Discovery and the Social Benefits of Private Litigation

52 Pages Posted: 10 Apr 2019

See all articles by Paul J. Stancil

Paul J. Stancil

Brigham Young University, J. Reuben Clark Law School

Date Written: August 1, 2018

Abstract

In Part I of the Article, I explore the extent to which it is possible to identify the social goals of private litigation and to measure the impact of various approaches to civil litigation against those goals. In Part II of the Article, I briefly consider historical claims that the ethos of 1920s and 1930s federal law reform supports a liberal, Progressivism-influenced understanding of congressional intent in its passage of the Rules Enabling Act and its approval of the initial version of the Federal Rules of Civil Procedure. Part III analyzes the prescriptive implications of recent empirical research suggesting that Congress enacts more statutes incorporating express private rights of action ("EPRAs") during times of divided government. In Part IV, I complete my analysis by exploring a dynamic curiously absent from progressive commentators’ “social benefits of discovery” calculus: the social costs of discovery. Part V concludes by offering some preliminary thoughts on the future of discovery as a tool for social change.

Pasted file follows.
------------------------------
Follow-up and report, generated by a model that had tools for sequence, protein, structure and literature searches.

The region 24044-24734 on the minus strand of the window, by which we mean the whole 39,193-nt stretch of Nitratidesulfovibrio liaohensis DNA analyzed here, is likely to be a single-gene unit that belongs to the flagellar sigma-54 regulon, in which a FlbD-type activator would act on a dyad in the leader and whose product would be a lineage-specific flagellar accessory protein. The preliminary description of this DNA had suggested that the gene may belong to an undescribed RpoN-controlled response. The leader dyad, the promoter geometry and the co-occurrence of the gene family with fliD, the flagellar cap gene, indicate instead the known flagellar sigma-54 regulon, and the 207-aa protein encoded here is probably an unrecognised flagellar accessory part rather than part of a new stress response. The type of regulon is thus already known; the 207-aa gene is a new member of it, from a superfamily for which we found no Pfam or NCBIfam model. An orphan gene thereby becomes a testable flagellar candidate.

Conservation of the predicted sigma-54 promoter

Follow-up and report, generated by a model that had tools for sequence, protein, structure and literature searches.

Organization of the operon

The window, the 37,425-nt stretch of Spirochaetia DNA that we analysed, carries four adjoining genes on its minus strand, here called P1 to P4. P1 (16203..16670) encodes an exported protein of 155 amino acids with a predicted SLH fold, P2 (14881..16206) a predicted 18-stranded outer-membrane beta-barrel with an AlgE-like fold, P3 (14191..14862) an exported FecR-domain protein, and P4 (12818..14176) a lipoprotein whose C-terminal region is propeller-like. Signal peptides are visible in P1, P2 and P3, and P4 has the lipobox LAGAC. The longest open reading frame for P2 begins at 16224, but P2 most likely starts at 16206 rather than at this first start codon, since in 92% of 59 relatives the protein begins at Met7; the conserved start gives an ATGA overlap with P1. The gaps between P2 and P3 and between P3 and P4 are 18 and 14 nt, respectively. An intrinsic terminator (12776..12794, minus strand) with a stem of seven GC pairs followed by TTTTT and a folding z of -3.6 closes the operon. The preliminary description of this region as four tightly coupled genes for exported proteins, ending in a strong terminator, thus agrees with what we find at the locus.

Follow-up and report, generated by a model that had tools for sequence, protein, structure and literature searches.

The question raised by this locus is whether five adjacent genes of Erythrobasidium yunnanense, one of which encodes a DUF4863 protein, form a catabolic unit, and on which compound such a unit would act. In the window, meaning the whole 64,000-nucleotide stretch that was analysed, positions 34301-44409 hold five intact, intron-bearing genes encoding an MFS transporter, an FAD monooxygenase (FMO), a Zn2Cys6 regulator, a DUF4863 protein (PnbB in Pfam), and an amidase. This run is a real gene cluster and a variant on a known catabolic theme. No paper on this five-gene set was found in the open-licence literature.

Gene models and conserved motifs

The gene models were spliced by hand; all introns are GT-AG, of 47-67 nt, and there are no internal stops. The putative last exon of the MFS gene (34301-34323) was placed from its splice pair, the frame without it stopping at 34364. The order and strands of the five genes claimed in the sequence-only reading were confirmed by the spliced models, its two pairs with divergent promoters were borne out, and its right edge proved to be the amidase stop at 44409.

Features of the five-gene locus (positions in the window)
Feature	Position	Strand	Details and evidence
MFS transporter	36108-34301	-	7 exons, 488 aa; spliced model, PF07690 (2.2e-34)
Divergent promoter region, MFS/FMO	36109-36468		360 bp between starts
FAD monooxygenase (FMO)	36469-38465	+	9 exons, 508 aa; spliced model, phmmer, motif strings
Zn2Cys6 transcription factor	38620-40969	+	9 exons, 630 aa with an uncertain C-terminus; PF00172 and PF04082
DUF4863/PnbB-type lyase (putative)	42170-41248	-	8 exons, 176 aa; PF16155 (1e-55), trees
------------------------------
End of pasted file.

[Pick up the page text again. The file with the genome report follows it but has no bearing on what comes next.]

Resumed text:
Keywords: civil litigation; discovery; federal law; Federal Rules of Civil Procedure; private litigation; social change

Suggested Citation

Stancil, Paul J., Discovery and the Social Benefits of Private Litigation (August 1, 2018). 71 Vanderbilt Law Review 2171 2018; BYU Law Research Paper No. 19-10. Available at SSRN: https://ssrn.com/abstract=3369065

Paul J. Stancil (Contact Author)

Brigham Young University, J. Reuben Clark Law School ( email )

430 JRCB
Brigham Young University
Provo, UT 84602
United States

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